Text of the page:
Some children are resilient by nature – their temperament makes them mentally and psychologically tough. They deal with a setback or a disappointment very maturely. Rejection from the school playground or no friends to share lunch with, doesn’t affect them. Every child does not have such temperament for resilience.

Research shows that resilience can be nurtured and developed effectively when parents too are resilient because then they foster it in their kids as well.

Mrs. Sudha Gupta is one of India’s leading parenting expert. She believes in the concept of Positive Parenting. An exceptional educationist, her parenting articles, blogs and various seminars have been the most popular among parents.

According to her, resilience can be introduced through 4 basic skills: independence, optimism, problem-solving and social connection. Here are some of her popular tips on building resilience in children.

1.      Have a positive attitude yourself

As a parent, your attitude has a lasting impact on your child’s ability to bounce back from the difficulties he faces. Make sure you display a ‘you can make it happen’ attitude for him whenever he faces difficult situation.

 Look for teachable moments

Employ every learning opportunity to teach resilience. Every time your child faces a new situation or challenge, make the most of that moment so that children can grow and learn from these challenges.

 Active participants

Encourage children to actively participate in the family. Active participation develops the attitude of self-help, problem-solving and independence skills of kids. These are necessary for building resilience.

Build coping skills

Help children to cope with life’s problems through acceptance. Let them accept the situation and move ahead with a positive attitude. Promoting resilience in kids is a continuous process. It requires parents to be supportive and empathetic towards children. As a parent, you should have an understanding of resilience, so that you keep faith in your beliefs and your child’s ability to cope and deal with every situation.

 Make connections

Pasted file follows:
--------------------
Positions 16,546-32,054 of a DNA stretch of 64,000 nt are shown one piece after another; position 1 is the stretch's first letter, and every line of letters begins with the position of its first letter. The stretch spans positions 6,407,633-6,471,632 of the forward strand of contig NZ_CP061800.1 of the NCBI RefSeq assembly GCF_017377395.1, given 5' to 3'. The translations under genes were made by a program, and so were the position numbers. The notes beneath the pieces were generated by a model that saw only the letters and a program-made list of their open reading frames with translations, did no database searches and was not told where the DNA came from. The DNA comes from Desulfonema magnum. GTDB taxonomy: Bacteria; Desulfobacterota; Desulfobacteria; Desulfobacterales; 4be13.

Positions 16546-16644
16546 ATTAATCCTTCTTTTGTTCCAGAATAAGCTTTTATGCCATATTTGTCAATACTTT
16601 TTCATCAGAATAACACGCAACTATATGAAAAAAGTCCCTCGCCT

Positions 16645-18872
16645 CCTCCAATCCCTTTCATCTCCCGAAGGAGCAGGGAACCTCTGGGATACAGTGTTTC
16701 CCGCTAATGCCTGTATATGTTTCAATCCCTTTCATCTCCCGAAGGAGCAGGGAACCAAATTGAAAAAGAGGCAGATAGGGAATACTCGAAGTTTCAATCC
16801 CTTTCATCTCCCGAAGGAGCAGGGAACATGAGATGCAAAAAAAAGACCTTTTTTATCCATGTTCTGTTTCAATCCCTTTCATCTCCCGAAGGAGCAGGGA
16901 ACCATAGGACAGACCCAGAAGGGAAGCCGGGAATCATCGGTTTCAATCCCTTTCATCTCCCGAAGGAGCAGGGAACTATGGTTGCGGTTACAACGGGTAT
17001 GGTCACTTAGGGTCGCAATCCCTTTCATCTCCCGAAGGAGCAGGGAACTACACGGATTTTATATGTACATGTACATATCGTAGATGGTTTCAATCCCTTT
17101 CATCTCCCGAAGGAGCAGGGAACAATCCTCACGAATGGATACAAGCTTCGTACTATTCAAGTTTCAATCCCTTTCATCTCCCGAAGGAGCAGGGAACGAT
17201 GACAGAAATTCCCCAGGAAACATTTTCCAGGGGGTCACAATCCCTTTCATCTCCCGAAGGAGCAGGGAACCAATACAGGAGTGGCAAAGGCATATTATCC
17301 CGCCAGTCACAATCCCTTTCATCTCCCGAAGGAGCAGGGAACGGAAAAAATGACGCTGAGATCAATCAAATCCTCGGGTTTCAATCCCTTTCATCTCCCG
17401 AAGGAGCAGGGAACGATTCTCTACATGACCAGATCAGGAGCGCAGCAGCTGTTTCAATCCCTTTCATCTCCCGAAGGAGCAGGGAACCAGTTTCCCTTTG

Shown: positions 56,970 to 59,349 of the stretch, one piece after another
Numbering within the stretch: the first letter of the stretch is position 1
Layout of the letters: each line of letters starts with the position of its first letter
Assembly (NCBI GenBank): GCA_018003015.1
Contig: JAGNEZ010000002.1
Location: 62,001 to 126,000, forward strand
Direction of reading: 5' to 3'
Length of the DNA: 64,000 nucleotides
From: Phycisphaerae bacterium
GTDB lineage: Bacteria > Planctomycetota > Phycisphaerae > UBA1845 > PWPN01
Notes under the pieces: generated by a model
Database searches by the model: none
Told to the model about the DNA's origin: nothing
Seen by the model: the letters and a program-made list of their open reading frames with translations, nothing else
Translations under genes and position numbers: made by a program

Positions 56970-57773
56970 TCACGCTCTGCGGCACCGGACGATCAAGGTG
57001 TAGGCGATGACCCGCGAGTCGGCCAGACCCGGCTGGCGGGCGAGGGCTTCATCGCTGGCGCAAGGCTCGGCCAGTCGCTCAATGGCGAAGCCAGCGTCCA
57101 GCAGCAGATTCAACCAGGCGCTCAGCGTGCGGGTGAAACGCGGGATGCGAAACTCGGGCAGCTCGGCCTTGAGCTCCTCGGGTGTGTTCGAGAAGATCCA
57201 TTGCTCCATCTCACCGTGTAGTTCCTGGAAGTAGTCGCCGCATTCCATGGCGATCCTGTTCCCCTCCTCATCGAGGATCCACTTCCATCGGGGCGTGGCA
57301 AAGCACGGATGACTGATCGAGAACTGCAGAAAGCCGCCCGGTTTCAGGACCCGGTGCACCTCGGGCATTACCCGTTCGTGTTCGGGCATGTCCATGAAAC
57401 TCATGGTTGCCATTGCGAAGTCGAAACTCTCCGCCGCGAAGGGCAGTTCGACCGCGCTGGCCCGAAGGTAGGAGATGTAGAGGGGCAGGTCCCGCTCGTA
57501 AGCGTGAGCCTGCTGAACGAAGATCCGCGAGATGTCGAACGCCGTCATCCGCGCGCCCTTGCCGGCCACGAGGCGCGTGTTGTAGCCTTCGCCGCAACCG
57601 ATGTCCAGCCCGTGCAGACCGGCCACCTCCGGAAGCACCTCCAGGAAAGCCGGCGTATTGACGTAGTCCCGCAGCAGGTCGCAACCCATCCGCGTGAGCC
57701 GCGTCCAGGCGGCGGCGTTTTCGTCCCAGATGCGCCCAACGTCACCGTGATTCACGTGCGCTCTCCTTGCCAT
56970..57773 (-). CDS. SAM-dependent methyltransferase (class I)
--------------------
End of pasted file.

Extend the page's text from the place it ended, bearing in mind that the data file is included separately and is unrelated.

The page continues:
Teach your children to socialise and make friends. Teach them to empathise and feel other's pain. Encourage them to be a friend first so that they can get friends. Build a strong and unshakeable family network which supports your child through his unavoidable disappointments. Connecting them with their peers provides social support and strengthens resilience.

6.       Help your child by having him help others

Children who often feel helpless in a difficult situation, can be empowered by learning to help others. Engage your child in volunteer work that would suit his age or ask for help from him with tasks that he can master.

7.       Maintain a daily routine

Sticking to a definite routine could prove comforting to children, especially younger children who seek structure in their lives. Encourage children to be proactive in developing their own routines.

8.       Teach your child self-care

Make a good example of yourself in front of your children. Groom them to know the importance eating properly, exercising and taking enough rest. Make sure that your children have enough time to have fun. When children learn to take care of themselves they have fun and this helps them stay balanced and deal better with stress.

9.       Move toward your goals

Tell your children to set reasonable goals and encourage them to move towards them one step at a time. Praise them for their achievement on their way to larger goals; it will help turn their focus on what he has accomplished rather than on what he hasn't accomplished.

Resilience can be taught. Building resilience means the ability to adapt well to adverse situations, tragedy, threats or stress. It can help children manage stress and suppress anxiety. As parents, we all can develop resilience and can thus help our children to develop it too.

Behaviours, thoughts and actions can be taught and learned over time. Follow these positive parenting tips from Mrs. Gupta and help your child in becoming a resilient individual who is independent, optimistic and socially connected.